More Defeats for the Russians;
British and French Plan New Offensive
Special to The Great War Project
(18-21 September) This is a moment in the war a century ago when fighting picks up on both the Eastern and Western Fronts.
In the east, the Russian army continues to suffer defeat after defeat.
On September 18th a century ago, a serious Russian reversal, “when German forces entered Vilna,” writes historian Martin Gilbert, “the largest city in Russian Lithuania, taking 22,000 Russian soldiers captive.”
But the German victory at Vilna comes “at a heavy price,” writes war historian John Keegan. The Germans face terrible weather conditions, rains so heavy, “the advance came to a halt.”
At this moment in 1915, the Russians lose most of the territory of Russian Poland.
But still “the territory of historic Russia remained intact, and so too did the substance of the Tsar’s army.”
But Russian losses are enormous, “nearly a million dead, wounded, and missing while three-quarters of a million prisoners had been captured by the enemy.”
Still despite these reversals, “nevertheless the Russian army remained undefeated,” reports Keegan. “Shell output was increasing – to 220,000 rounds a month in September – and its reserves of manpower still amounted to tens of millions.”
Keegan writes, “Russia would be able to fight on.”
On the Western Front, it is obvious that preparations are underway for another British and French offensive against the Germans.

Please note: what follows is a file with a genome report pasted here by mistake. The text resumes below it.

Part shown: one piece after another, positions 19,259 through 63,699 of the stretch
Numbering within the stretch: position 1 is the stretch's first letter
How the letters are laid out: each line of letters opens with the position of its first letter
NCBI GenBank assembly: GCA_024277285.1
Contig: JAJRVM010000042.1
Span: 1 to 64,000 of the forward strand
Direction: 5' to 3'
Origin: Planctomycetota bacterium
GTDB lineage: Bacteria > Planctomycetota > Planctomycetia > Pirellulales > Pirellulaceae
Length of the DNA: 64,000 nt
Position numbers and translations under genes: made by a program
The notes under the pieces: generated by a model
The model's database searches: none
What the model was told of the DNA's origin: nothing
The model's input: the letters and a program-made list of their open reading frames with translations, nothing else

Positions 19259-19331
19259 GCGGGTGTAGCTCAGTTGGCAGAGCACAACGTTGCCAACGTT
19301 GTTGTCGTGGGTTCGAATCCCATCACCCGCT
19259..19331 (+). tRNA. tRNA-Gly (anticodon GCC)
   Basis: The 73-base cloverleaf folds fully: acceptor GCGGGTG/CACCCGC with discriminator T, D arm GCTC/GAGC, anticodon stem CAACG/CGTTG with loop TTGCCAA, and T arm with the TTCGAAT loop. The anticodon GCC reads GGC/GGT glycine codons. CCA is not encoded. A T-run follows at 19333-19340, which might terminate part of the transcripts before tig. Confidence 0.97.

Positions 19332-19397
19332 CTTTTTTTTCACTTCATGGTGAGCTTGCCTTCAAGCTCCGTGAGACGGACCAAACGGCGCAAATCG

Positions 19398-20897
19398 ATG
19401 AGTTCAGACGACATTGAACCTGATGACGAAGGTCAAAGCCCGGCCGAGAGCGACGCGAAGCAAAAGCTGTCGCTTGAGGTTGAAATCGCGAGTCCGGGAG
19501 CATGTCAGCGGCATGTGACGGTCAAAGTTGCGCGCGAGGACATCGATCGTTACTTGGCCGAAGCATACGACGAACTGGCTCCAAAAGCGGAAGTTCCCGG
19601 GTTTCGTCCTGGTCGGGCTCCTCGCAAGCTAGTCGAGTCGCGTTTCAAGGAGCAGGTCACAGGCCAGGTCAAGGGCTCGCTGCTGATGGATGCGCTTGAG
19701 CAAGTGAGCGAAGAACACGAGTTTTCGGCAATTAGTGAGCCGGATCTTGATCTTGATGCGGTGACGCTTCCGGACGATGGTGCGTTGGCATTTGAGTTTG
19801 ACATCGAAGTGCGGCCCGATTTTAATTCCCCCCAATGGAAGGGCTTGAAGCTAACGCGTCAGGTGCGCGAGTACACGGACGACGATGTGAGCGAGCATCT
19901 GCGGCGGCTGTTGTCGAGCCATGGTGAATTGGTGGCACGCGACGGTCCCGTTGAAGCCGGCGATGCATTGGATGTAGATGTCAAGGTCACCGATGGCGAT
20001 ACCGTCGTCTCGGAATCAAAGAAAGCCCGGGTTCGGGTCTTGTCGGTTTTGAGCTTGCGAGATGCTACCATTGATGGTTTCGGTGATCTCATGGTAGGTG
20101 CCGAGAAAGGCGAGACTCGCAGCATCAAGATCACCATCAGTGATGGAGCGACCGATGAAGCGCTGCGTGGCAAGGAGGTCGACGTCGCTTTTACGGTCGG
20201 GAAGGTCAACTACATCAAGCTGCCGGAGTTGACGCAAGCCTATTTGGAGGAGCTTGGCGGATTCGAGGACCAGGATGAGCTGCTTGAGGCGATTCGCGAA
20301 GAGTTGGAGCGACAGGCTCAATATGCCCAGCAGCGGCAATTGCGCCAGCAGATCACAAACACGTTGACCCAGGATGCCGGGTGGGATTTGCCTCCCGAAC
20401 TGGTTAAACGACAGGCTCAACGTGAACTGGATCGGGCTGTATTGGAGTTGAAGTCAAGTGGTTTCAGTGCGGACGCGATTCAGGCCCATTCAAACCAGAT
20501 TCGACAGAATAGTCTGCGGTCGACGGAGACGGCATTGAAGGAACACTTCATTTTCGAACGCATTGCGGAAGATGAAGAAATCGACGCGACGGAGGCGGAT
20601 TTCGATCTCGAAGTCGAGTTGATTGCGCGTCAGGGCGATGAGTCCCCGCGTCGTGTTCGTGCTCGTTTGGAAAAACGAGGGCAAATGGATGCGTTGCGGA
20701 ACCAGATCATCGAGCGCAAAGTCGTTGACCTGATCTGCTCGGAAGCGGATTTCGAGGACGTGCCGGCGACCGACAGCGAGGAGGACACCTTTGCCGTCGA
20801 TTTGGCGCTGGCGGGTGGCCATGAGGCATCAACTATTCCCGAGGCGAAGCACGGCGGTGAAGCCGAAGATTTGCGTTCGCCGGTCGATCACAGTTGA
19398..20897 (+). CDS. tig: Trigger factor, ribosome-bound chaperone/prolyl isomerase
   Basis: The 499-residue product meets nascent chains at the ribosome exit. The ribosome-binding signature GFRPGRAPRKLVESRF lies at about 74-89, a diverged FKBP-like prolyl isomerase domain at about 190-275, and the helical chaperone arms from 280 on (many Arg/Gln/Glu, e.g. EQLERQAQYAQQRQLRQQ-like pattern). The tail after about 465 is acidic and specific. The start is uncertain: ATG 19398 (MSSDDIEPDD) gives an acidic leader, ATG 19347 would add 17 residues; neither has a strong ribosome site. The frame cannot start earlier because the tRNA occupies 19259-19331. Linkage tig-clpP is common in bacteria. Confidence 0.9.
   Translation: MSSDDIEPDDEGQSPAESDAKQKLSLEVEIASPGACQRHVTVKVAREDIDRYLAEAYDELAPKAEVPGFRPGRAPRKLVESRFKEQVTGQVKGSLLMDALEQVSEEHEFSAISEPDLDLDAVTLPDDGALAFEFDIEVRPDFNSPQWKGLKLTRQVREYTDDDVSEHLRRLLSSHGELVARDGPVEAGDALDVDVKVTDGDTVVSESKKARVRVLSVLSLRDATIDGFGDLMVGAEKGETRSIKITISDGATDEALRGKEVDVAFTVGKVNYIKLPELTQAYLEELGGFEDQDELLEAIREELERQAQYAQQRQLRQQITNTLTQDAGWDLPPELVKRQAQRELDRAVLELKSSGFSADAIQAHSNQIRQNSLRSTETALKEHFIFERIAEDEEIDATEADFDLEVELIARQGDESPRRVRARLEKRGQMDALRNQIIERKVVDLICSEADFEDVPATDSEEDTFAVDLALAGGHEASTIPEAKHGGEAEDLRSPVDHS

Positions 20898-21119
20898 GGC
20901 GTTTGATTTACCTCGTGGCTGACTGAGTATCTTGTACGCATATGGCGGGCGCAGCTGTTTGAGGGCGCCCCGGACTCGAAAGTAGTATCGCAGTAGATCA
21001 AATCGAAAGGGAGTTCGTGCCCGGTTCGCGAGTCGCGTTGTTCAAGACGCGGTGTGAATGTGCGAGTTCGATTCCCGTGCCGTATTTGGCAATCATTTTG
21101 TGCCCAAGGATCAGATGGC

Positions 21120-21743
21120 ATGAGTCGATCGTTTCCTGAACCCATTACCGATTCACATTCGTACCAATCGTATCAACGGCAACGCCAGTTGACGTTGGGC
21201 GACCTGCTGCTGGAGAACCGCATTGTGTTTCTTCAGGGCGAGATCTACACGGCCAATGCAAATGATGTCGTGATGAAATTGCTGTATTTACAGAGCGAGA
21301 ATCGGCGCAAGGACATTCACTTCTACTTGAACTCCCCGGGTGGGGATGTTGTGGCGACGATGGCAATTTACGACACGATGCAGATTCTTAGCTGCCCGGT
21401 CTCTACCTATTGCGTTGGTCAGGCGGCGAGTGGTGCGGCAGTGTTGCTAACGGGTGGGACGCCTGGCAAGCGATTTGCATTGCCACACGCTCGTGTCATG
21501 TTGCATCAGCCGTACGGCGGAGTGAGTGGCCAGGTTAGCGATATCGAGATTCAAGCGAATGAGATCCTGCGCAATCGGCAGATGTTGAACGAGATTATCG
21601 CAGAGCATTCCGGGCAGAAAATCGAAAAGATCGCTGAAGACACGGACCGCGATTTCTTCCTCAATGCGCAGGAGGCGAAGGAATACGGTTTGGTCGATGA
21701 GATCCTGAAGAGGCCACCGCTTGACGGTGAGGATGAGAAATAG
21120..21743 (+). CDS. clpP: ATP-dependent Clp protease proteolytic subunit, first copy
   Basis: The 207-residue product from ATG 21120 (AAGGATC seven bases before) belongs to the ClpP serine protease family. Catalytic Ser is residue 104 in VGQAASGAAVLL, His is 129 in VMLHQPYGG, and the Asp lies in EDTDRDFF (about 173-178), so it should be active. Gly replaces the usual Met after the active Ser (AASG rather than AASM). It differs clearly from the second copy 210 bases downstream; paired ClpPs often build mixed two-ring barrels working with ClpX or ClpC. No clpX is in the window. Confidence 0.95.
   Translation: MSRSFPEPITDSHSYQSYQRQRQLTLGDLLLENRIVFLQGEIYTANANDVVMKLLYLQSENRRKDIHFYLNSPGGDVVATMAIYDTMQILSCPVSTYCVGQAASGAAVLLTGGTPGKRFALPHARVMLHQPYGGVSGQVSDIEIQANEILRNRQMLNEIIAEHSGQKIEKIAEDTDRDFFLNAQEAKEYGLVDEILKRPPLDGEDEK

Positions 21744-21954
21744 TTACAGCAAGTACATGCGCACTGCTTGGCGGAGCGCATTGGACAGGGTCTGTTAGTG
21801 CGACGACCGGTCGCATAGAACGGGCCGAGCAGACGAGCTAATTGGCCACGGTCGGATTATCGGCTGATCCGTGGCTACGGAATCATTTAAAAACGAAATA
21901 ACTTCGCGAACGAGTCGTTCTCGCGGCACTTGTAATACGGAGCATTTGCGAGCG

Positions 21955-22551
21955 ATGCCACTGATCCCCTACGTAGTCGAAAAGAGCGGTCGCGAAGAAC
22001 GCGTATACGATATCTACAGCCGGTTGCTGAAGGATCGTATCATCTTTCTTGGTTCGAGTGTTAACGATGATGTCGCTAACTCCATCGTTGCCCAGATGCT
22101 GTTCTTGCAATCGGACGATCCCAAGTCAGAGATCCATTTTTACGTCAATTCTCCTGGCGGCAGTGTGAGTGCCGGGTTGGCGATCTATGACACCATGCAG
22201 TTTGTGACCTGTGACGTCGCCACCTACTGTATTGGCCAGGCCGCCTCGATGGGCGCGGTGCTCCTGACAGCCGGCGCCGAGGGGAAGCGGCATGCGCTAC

It is the French who push for an urgent attack, overcoming initial British resistance to the idea. According to Keegan, the French want urgent action “both to sustain pressure on the Germans and deter the diversion of troops to other theaters.”
In discussions with the French, the British realize that an autumn offensive would be “a test of confidence.” The British withdraw their opposition, and preparations begin for a large-scale attack on the Western Front.
“Practical difficulties nevertheless persisted,” writes Keegan. “Roads had to be built, stores dumped, battery positions dug.”
The date of the opening of this offensive is first designated for the end of August, then postponed to September 8th. Then because a lengthy bombardment is deemed necessary, it is postponed once more, until September 25th.
“The Germans profited from the delay,” reports Keegan, “and the undisguised signs of impending attack, to strengthen the positions of their line against which they detected” preparations for the offensive.
The Germans complete the construction of a second line and in between, they place concrete machine-gun posts. “Despite the enormous labor entailed,” Keegan writes, “the system was complete by the autumn, forming a defensive belt up to three miles deep.”
“The German positions in the Western Front were becoming impregnable.”
The start of the French-British offensive is set to begin on September 25th at the small northern French town of Loos.